8 Dec – Cape Byron – our symbolic finish line

After driving some of the most remote, inaccessible and untouched places on the continent, we spent today driving through the metropolis that is south east Queensland. Sunshine Coast, Brisbane, Gold Coast. We watched the heaving traffic – bolstered by christmas shoppers no doubt. The boys spotted all the theme parks of course with huge water slides and towering roller coasters grabbing their attention.

Byron Bay

We’ve seen quite a few state borders around this land but the border between QLD and NSW is light on the fanfare – more concerned with making sure we know that “speed cameras are used in NSW” – we high-fived anyway (at 110km/hr compared to some outback border crossings where we drove across a dusty cattle grid at 5km/hr!). Our destination is Cape Byron and we are looking forward to reaching the most easterly point of Australia which will give us the final destination target in our around Australia travels – Northern-most point: Cape York, Southern: Wilsons Prom; Western: Steep Point; Highest: Kosciusko; Lowest: Lake Eyre; geographical centre of the whole bloody place (!) – Lamberts (near Finke in central Oz).

Byron Bay (7)

Although we’ve arrived here a week or so earlier than expected, being so close to home it was always going to have a sense of completion and act as our unofficial finish line. Byron Bay on a Sunday is hustle and bustle in town and even the walking tracks at the cape are busy with joggers and early morning walkers.

Byron Bay- we made it! (2)

As much as Byron has evolved into its hectic atmosphere, the place is still beautiful, the main beach is a favourite and the views from up at the lighthouse are fantastic – no whales to spot but even just watching the huge swell coming in and wrapping around the points is great.

Byron Bay (4)

So with a click of the camera, our trip has a sense of completion. We’re headed for Sawtell for tonight to see Nanna and then Korora to stay with Nick and Anna before we can get out to Darkwood for some space to unpack and maybe even clean the red dirt that’s probably permanently discoloured the Hilux.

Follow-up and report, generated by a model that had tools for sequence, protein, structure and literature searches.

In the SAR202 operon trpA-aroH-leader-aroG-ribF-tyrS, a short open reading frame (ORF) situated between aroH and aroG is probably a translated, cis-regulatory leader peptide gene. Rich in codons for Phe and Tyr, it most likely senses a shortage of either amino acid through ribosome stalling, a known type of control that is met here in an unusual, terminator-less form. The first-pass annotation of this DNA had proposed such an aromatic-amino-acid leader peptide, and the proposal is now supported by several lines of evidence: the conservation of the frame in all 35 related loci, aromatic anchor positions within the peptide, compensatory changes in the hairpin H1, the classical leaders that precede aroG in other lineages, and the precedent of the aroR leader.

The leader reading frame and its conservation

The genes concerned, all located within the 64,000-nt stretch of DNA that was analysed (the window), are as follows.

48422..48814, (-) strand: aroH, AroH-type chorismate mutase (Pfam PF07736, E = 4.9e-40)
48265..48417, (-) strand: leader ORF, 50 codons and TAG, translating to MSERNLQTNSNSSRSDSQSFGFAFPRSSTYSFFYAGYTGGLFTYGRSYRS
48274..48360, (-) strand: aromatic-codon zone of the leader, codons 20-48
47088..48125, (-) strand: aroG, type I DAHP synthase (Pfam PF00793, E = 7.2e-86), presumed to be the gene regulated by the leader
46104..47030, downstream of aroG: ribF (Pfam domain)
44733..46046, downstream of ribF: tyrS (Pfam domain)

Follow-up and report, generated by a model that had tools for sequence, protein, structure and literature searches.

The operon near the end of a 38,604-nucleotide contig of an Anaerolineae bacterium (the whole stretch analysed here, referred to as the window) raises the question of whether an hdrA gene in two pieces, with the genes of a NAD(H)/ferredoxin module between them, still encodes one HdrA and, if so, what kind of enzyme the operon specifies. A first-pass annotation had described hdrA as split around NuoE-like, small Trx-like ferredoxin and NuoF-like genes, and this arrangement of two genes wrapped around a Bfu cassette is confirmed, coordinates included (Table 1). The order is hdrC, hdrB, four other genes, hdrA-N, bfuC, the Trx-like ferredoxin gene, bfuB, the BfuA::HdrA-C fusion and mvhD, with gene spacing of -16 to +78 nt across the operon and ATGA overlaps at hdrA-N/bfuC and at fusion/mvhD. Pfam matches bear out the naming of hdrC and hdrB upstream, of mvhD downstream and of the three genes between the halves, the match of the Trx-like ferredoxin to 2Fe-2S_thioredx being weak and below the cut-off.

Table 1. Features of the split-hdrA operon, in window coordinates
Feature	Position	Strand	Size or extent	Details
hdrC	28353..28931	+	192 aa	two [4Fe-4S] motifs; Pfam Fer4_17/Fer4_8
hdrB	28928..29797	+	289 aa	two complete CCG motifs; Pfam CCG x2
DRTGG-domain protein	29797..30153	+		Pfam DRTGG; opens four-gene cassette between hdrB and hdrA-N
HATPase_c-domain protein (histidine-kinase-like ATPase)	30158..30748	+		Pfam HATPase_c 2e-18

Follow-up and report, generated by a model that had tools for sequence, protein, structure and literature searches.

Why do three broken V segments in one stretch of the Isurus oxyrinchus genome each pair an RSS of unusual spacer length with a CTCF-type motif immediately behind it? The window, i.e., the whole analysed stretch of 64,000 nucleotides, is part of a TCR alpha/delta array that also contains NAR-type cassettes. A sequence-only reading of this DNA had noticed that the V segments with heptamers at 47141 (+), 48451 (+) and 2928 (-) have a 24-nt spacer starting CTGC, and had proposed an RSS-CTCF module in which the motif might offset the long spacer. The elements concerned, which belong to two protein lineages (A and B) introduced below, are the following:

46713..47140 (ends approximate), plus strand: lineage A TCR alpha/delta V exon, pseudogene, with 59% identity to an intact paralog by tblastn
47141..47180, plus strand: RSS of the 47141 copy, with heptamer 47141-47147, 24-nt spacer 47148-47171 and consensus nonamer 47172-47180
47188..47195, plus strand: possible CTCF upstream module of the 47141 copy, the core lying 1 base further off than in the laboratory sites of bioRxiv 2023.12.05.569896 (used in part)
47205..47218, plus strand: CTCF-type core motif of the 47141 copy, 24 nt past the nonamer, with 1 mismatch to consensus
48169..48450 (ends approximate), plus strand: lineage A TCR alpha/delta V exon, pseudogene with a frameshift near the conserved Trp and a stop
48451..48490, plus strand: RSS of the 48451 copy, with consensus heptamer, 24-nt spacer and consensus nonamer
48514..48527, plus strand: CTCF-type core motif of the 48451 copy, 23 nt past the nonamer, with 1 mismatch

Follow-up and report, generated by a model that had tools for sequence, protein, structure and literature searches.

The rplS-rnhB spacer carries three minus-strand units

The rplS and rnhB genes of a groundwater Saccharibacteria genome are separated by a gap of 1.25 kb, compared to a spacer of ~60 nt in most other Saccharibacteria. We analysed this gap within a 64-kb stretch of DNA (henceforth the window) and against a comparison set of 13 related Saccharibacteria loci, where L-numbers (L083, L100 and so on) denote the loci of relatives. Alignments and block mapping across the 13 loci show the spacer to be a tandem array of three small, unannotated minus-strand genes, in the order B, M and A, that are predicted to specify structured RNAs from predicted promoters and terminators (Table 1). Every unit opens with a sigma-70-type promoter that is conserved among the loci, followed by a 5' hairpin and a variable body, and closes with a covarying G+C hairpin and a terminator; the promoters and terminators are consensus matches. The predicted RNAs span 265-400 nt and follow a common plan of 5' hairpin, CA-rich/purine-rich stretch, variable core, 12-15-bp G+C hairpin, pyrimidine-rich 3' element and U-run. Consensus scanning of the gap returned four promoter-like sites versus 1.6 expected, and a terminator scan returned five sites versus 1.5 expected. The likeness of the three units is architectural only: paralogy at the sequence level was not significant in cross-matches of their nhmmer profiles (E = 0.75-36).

Byron Bay- most easterly point of Australia

Our nomadic travels will continue until January when we’ll be faced with the daunting task of moving back home and going back to a normal life. But before then we’re looking forward to some time with the Sydney mob for chrissy, maybe some Blue Mountains sightseeing and kicking back for some central coast beach time.

Thanks for keeping in touch with us and our adventure – it’s been great knowing our small loyal band of readers has been following our trip. We thought we were going to be internet sensations at one point when one of our facebook posts hit 8000 people but our dreams of being celebrity bloggers faded as we reverted back to the usual viewers!

Gibb River facebook post

We’d like to put some maps and some facts and figures of where we’ve been, what we’ve done, and how we’ve done it etc together so there may be a few more blog posts popping up but otherwise, thanks for following our trip!

Byron Bay (5)



5 -7 Dec – Wide Bay

Leaving the Gladstone coast behind we headed south and our first stop was an old favourite from 15 years ago – Turkey Beach – where every house, shed and shack has at least one tractor used to tow and launch their boats off the beachfront. The place has changed a bit – there’s a new concrete boat ramp (negating the need for an un-boggable tractor) and there seems to have been an associated decline in the local tractor population. But the boys got to see enough that they got the idea why they have an annual tractor festival! The unique attraction that has popped up is a community library which is based in a shipping container with a cool giant bookshelf artwork on the side.

Turkey Beach (3)

Turkey Beach (2)

Unfortunately the bushfire situation- although easing today – meant we avoided much of the coast through the 1770, Agnes Water, Deepwater area. We pushed down the long drive on the highway and then into Bundaberg with a lunch stop on the Burnett River foreshore. A bit of a scenic drive out to the coast around the Burnett Heads proved how bad the coastal gale was blowing – we couldn’t get out of the car!

Maryborough (3)

With the whole region’s national parks camping areas closed, we decided to try a bush camp at Bingera State Forest which is mostly pine plantation which tends to provide some good shelter from wind if you pick the right spot. There’s a  lot of harvesting going on so finding a good spot was difficult but eventually we got a sheltered little nook. For a ‘quiet’ bush camp we had some unfortunate late-night cars driving around which wasn’t very enjoyable but it did the job as a quick overnight stop.

From there we did a great drive through Hervey Bay – what an esplanade – from the awesome waterfront houses of Point Vernon we cruised the coastal strip with non-stop shops, cafes, restaurants and every type of accommodation. We counted at least five Indian restaurants along a five kilometre strip!

Harvey Bay (2)